1. When did you realise you wanted to be a designer?
After college I went to Italy to do a montage. (Putting up tents for Eurocamp) We had no electricity and I only had one book. I really missed doing creative things. While there I enrolled in multi media course at University and haven’t looked back since
2. How did you get started and what was the biggest hurdle you overcame?
I started by getting a job with a small web design company. I got this role through enthusiasm; They said they had candidates more qualified. In the first year there I put all my learning and theories from Uni and books into practice. Having this platform helped me develop a lot.
The biggest hurdle has probably been my own personality. I’m very passionate, which made me difficult to work with in the past. I wouldn’t see the relationship with a client or team as a joint partnership we could all benefit from. Working out how to take feedback and design criticism well and constructively has helped make me a better designer and member of the team
3. What’s been your most successful way of getting clients?
Good work and relationships have been key. We’ve built strong partnerships with clients and key people so we get a lot of recommendations. Doing good work, has led to good results which means people tell their network.
4. How do you get clients to stay with you and use you for more work?
We currently do a lot of project work. Our vision is for everyone to sign up for year retainers. We do a customer journey map at the start of every project. This gives our clients an overview of every touch point their customers hit and how they can build or improve up on that. Having work scheduled in over a yearly roadmap gives us stability as a business but also offer our clients the best value for money. Last year we introduced an agile working process which allows us to do lots of mini releases over the course of a year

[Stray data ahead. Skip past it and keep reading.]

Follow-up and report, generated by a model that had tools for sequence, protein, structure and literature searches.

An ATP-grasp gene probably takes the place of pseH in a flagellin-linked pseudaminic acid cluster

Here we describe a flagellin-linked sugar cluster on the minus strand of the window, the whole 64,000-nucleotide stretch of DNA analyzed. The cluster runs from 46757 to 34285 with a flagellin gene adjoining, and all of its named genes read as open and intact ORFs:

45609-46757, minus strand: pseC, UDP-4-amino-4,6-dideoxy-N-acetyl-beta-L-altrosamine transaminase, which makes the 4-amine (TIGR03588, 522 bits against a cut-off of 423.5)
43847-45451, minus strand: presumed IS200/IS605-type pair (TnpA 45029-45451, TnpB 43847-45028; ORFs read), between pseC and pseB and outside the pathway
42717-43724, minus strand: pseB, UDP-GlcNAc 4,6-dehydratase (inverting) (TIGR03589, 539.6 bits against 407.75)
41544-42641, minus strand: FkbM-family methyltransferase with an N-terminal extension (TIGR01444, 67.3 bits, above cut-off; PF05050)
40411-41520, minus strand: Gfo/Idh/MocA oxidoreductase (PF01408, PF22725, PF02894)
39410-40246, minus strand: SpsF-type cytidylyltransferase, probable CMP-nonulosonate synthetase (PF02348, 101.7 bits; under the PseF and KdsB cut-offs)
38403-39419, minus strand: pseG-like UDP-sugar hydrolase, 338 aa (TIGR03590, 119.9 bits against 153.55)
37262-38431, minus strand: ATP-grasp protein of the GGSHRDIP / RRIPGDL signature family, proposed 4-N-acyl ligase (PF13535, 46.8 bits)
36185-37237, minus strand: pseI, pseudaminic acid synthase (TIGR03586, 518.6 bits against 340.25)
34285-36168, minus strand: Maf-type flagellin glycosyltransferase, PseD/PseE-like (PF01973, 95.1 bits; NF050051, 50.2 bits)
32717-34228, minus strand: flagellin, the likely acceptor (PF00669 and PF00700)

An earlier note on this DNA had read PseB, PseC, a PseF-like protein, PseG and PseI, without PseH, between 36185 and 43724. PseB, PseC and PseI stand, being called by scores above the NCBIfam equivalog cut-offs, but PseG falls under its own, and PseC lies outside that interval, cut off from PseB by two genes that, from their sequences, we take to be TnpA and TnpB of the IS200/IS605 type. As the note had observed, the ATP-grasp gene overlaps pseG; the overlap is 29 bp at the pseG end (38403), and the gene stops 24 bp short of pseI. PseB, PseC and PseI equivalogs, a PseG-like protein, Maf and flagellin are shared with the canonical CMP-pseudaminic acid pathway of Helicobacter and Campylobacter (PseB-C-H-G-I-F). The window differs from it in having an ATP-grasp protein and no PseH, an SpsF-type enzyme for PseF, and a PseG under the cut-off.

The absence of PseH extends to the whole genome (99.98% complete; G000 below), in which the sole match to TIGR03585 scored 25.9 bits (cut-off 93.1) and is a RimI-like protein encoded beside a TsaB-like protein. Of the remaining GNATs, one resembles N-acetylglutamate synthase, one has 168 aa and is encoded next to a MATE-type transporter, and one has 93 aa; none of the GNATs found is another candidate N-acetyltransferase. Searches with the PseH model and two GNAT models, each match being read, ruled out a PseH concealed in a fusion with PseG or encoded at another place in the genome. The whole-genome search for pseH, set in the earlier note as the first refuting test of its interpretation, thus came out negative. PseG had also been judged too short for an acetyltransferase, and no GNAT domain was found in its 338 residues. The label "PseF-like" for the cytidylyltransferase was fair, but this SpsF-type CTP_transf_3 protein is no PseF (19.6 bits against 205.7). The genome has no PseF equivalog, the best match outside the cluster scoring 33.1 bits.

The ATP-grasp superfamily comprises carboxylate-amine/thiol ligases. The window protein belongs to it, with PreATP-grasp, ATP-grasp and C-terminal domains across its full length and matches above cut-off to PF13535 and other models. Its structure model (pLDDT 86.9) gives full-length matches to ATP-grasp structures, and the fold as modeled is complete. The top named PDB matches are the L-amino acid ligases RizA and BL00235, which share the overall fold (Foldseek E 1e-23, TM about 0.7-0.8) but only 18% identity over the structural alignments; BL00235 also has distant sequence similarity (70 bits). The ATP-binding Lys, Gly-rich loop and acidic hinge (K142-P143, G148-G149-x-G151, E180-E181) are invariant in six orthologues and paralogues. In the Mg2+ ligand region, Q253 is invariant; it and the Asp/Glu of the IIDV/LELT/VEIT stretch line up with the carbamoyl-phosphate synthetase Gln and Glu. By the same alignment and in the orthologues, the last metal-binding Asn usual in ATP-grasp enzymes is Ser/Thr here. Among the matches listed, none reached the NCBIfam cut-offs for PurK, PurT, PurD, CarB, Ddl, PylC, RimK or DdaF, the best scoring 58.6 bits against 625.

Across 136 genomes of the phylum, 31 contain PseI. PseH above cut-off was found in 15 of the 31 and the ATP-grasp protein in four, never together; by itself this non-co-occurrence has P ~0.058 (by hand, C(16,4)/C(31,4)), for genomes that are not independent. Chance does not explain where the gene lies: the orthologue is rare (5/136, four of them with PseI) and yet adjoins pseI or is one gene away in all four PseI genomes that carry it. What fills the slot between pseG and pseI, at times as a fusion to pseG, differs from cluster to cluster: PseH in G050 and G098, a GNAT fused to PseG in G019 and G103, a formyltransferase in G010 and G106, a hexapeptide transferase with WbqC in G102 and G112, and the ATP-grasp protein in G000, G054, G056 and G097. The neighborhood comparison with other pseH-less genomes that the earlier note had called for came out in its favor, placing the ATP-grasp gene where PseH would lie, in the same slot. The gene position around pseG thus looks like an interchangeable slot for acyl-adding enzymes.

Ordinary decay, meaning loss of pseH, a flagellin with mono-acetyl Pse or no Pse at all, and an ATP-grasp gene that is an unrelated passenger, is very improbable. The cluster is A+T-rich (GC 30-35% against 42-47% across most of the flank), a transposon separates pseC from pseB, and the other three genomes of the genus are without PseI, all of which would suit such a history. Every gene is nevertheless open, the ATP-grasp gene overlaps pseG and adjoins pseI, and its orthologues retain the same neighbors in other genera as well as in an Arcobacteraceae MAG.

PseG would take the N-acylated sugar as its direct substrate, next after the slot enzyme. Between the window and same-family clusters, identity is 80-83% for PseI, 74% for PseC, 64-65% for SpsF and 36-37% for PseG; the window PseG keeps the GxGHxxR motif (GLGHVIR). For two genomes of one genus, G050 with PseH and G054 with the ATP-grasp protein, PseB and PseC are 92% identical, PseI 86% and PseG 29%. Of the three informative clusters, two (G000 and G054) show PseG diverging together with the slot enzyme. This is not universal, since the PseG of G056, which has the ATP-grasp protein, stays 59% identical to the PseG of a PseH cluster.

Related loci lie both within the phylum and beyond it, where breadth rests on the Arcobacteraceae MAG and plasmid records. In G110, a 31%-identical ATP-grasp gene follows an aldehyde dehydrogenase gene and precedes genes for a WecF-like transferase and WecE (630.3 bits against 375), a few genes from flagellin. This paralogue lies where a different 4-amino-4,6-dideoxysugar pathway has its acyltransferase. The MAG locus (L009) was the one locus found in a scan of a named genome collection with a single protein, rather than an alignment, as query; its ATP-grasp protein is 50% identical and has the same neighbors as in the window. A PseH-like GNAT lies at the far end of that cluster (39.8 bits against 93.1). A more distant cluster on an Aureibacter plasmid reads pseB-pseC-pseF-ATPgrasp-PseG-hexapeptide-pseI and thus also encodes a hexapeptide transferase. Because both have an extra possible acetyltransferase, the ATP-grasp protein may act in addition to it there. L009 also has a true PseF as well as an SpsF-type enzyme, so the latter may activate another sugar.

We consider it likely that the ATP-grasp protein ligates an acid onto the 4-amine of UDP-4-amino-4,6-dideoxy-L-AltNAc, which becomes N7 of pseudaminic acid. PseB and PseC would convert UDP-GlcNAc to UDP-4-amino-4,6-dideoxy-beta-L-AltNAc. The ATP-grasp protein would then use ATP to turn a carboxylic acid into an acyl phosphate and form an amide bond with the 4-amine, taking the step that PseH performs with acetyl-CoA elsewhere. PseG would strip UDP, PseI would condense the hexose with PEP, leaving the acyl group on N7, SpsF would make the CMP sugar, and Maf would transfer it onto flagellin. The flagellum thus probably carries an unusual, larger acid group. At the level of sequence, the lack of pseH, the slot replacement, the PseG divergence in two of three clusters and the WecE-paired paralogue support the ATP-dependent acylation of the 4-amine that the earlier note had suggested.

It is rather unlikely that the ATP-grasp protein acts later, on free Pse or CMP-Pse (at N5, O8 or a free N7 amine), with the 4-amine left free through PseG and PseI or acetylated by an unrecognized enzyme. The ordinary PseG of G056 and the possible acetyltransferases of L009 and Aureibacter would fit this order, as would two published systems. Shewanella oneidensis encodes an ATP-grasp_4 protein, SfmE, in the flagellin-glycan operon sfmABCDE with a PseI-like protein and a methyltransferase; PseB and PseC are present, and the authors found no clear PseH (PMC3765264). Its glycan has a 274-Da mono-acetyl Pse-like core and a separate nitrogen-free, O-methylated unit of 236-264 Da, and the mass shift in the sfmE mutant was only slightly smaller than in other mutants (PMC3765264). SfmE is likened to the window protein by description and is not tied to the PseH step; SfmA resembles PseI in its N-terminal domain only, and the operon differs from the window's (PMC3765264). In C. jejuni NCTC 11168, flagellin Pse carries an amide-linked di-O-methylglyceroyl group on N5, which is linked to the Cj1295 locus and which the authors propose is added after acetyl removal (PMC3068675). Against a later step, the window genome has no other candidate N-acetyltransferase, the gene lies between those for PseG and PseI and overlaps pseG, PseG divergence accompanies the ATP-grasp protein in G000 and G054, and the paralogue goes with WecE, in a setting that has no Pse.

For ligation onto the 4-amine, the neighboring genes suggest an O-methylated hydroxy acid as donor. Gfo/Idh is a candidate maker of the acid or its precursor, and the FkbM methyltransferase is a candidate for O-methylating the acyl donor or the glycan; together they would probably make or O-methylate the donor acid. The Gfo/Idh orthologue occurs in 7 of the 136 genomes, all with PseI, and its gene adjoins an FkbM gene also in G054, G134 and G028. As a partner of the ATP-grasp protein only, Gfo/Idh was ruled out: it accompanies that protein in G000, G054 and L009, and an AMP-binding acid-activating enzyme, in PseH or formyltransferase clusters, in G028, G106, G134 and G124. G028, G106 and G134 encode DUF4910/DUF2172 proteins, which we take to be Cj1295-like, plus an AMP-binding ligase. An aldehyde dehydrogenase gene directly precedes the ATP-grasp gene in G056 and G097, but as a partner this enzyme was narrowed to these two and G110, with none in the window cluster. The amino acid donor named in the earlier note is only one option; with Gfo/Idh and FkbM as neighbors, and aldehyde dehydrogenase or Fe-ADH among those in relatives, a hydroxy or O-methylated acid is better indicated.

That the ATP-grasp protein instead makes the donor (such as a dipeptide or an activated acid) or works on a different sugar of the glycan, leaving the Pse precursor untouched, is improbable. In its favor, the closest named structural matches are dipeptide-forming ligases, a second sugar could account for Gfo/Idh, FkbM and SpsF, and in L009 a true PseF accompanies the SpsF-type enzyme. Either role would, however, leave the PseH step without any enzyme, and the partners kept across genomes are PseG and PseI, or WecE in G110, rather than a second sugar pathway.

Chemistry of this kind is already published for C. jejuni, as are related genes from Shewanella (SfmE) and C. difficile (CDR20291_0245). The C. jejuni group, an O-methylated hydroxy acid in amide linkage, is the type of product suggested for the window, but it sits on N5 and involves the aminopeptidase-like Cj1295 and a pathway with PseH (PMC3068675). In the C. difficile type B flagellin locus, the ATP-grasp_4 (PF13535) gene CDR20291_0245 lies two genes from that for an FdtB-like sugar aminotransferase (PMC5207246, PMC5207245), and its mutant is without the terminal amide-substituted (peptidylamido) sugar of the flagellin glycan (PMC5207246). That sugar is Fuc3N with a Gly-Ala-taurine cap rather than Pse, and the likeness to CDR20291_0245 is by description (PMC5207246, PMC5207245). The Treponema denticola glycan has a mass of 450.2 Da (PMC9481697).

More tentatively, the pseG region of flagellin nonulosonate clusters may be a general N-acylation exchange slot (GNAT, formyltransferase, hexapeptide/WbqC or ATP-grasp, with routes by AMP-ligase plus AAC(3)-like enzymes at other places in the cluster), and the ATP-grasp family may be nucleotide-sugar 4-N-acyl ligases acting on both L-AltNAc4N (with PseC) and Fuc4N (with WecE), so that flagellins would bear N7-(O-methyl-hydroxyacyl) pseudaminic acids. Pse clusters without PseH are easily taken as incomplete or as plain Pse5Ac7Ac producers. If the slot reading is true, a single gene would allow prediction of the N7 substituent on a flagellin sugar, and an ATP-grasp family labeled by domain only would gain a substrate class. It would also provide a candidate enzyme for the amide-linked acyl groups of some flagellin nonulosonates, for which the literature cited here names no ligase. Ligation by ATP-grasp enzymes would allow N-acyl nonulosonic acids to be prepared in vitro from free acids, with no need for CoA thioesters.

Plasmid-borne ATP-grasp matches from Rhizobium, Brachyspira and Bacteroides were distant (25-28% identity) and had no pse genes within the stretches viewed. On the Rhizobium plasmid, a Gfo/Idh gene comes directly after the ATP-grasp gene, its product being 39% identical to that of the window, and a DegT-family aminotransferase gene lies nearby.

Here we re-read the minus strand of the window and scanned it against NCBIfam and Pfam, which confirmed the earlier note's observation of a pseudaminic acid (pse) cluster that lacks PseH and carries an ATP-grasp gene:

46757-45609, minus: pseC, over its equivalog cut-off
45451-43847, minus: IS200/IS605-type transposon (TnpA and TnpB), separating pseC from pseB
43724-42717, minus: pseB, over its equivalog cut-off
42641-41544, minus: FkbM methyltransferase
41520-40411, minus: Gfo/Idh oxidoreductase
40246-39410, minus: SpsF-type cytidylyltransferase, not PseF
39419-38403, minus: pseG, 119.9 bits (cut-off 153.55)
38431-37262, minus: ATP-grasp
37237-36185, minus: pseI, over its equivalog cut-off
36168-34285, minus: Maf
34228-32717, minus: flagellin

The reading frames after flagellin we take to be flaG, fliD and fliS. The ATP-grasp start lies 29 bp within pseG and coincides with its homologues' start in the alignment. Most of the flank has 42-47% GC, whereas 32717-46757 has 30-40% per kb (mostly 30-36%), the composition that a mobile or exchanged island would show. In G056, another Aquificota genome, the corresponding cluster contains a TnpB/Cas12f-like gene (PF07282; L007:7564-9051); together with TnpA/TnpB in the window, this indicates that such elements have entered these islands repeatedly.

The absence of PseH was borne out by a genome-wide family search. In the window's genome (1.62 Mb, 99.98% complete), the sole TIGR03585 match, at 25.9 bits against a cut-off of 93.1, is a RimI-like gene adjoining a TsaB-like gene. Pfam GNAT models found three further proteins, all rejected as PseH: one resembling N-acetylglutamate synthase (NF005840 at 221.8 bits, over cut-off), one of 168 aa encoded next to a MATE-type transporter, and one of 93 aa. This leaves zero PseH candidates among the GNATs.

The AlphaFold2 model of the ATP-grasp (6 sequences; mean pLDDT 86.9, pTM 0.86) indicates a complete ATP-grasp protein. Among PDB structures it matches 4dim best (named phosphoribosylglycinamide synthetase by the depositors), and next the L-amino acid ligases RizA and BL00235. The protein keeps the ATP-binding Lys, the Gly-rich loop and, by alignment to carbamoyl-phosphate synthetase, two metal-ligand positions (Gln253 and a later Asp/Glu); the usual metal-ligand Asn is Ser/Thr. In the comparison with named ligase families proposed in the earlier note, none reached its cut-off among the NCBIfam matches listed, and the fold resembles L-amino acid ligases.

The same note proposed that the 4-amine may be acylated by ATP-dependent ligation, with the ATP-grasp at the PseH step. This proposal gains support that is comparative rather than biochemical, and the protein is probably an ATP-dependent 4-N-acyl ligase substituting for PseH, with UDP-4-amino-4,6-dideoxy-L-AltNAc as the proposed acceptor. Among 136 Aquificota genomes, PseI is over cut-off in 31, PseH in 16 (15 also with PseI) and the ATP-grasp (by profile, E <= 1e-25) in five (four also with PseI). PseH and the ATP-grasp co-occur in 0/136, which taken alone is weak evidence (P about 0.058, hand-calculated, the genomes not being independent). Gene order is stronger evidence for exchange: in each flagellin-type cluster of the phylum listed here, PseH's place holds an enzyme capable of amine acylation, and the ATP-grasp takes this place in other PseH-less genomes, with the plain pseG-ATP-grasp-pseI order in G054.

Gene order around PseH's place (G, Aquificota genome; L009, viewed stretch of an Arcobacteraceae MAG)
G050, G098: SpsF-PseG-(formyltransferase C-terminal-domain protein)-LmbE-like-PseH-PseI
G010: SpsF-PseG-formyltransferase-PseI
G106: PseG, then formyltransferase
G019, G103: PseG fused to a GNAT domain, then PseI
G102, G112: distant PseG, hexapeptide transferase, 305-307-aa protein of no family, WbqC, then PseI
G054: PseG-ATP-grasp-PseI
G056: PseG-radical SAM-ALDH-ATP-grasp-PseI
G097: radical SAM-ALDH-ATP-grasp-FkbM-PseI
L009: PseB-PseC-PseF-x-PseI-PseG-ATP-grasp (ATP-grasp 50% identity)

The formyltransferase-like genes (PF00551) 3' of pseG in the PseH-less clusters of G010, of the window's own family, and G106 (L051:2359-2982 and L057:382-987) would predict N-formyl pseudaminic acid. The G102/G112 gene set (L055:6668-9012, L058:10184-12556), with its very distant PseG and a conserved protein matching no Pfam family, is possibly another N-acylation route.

5. Do you ever have issues with clients paying late? How do you manage that?
It has happened from time to time. We’re very strict and don’t let it slide because time is precious. It needs to be valued. We only release the site or the designs after the final invoice has been settled.
6. What does your typical work day look like?
I have a two year old. So normally up pretty early
6am – 7am: Shower and breakfast
7am – 9am: Travelling, talking to team and going through projects
9am – 12pm: Designs
12pm – 1pm: Lunch and research
1pm – 3pm: Working through our board of jobs to get stuff done
3pm – 5.30pm: Meetings with team, sorting out admin and speaking to clients
5.45pm: Home and then family time
7. Any piece of advice/wisdom that you’d like to give the readers at This Design Life?
Read as many books and go to as many talks as possible.
Ask as many questions in the briefing/research phase as possible and listen to the answers
Understand the fundamentals of design so you can concentrate on the message.
Be nice and don’t take any feedback to heart. It’s all part of developing
You can find out more about Ben Gross here: www.electriccircus.co.uk
Latest posts by Chris Green (see all)
- Quick Interview with Jacob Cass - February 22, 2019
- Niche Examples for Your Design Business - February 16, 2019
- How Important is Design in 2019? 23 Experts Share their Views - January 24, 2019